Today would be Marilyn’s 93rd Birthday, she has been in my life for almost a decade and I still find it so surreal to think that in theory, she should still be here. Sadly, we all know that is not the case and the reality is that Marilyn left the world over fifty five years ago. It’s sometimes hard to comprehend that Marilyn wasn’t just a Hollywood Star but a human being, just like you and me. However, today is not for dwelling, it is a very important day to millions of fans and myself, as the worlds Brightest Star is ultimately still shining half a century later!
To celebrate Marilyn’s big day, I usually spend it in the best way I know possible, having a Movie Marathon watching my favourite Actress. Unfortunately, so many people see Marilyn as just another silly Blonde Bombshell who didn’t have much talent and was basically playing herself on the screen. However, I can’t emphasize enough that the sweet, lovable, pretty face was so much more than what people perceive. As someone who has watched her films a countless number of times, I actually appreciate her comedic performances over her dramatic ones. This is because people tend to view dramas with more acclaim and respect and the Award Shows further prove this, when in fact comedies should not be overlooked.
In the wise words of Vivien Leigh – an Actress who yes, was more respected critically than Marilyn, but, ultimately was more appreciated more for her looks too,
“Comedy is much more difficult than tragedy – and a much better training, I think. It’s much easier to make people cry than to make them laugh.”
Marilyn was incredibly dedicated to her craft and spent numerous hours educating herself on the Performing Arts and trying to be the best she could possibly be. When you learn about Marilyn you realize how much she suffered mentally and the strength she must have found to deliver such beautiful performances. It hurts to think that she didn’t always feel like the bubbly Blonde Bombshell so many know and love her for, as no one more than Marilyn deserved to be appreciated and loved. She was such a perfectionist and would spend hours analyzing and being critical of her acting abilities and performance in each film.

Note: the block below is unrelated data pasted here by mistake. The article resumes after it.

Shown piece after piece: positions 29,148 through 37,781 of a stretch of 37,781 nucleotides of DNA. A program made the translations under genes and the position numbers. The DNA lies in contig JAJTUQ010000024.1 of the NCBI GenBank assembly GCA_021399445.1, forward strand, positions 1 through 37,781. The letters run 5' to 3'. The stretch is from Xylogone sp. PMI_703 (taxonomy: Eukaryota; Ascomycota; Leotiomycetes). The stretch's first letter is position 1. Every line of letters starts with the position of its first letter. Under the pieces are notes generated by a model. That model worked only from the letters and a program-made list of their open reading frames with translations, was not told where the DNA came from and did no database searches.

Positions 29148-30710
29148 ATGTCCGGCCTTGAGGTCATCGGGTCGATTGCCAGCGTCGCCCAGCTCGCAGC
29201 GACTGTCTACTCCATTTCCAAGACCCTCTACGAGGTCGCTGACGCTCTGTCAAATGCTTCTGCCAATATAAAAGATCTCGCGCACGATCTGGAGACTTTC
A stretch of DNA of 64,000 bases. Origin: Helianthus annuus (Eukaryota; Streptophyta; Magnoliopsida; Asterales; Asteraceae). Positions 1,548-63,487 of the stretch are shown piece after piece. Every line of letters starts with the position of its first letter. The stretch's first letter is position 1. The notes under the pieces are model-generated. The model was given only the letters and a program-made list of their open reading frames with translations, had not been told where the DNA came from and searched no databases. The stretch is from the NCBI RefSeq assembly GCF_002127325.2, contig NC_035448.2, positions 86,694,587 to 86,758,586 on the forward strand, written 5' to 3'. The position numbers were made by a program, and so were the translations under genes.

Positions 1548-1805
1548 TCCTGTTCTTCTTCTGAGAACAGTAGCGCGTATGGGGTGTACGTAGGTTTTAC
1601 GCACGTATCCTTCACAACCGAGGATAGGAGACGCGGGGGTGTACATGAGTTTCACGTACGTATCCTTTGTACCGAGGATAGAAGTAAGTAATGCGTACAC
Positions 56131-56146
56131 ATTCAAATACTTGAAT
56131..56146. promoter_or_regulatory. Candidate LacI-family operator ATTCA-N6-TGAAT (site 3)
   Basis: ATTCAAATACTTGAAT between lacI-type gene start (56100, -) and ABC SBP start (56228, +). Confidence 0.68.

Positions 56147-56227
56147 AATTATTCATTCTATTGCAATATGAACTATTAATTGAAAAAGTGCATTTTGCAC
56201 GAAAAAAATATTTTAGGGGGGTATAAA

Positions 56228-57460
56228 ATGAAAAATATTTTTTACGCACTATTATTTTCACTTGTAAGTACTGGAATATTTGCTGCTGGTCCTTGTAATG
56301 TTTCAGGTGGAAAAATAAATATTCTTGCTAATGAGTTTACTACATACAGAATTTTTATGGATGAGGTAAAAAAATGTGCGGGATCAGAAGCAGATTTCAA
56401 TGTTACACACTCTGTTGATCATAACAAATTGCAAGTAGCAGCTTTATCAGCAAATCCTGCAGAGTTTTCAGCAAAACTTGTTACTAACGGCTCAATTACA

“We not only want to be good, we have to be. You know, when they talk about nervousness, my teacher, Lee Strasberg, when I said to him, “I don’t know what’s wrong with me but I’m a little nervous,” he said, “When you’re not, give up, because nervousness indicates sensitivity.” Also, a struggle with shyness is in every actor more than anyone can imagine. There is a censor inside us that says to what degree do we let go, like a child playing. I guess people think we just go out there, and you know, that’s all we do. Just do it. But it’s a real struggle. I’m one of the world’s most self-conscious people. I really have to struggle.”
– Marilyn to Journalist Richard Meryman for LIFE Magazine, published on August 17th 1962.
Therefore, I thought it would be appropriate to choose five of Marilyn’s films in which she believed she gave the best performances or received great critical acclaim, to recommend for others to watch. If there is any day that Marilyn should be celebrated (personally, I believe it’s all day every day) than it is on her Birthday.
Whilst looking through reviews of Marilyn’s films that were published during their original releases, it’s shocking to me to read the downright prejudice, sexism and ignorance surrounding her as an Actress. I’ve said it before and I’ll say it again, in my belief Marilyn was the greatest Actress of all time as it seems that even then, 99% of people believed she was just playing herself. Therefore, in believing their own ignorance, critics could continue their lack of acclaim and respect for ultimately, an extremely talented woman.
• The Asphalt Jungle (1950) and The Seven Year Itch (1955)
Person to Person television appearance interview on April 8th 1955.
“Marilyn, what’s the best part you ever had in a movie?” – Edward R. Murrow
“Well one of the best parts I’ve ever had was, in The Asphalt Jungle, John Huston’s Picture and then, The Seven Year Itch, Billy Wilder’s Picture.” – Marilyn
“You think that’s going to be a big one too, don’t you? The Seven Year Itch.” – Edward R. Murrow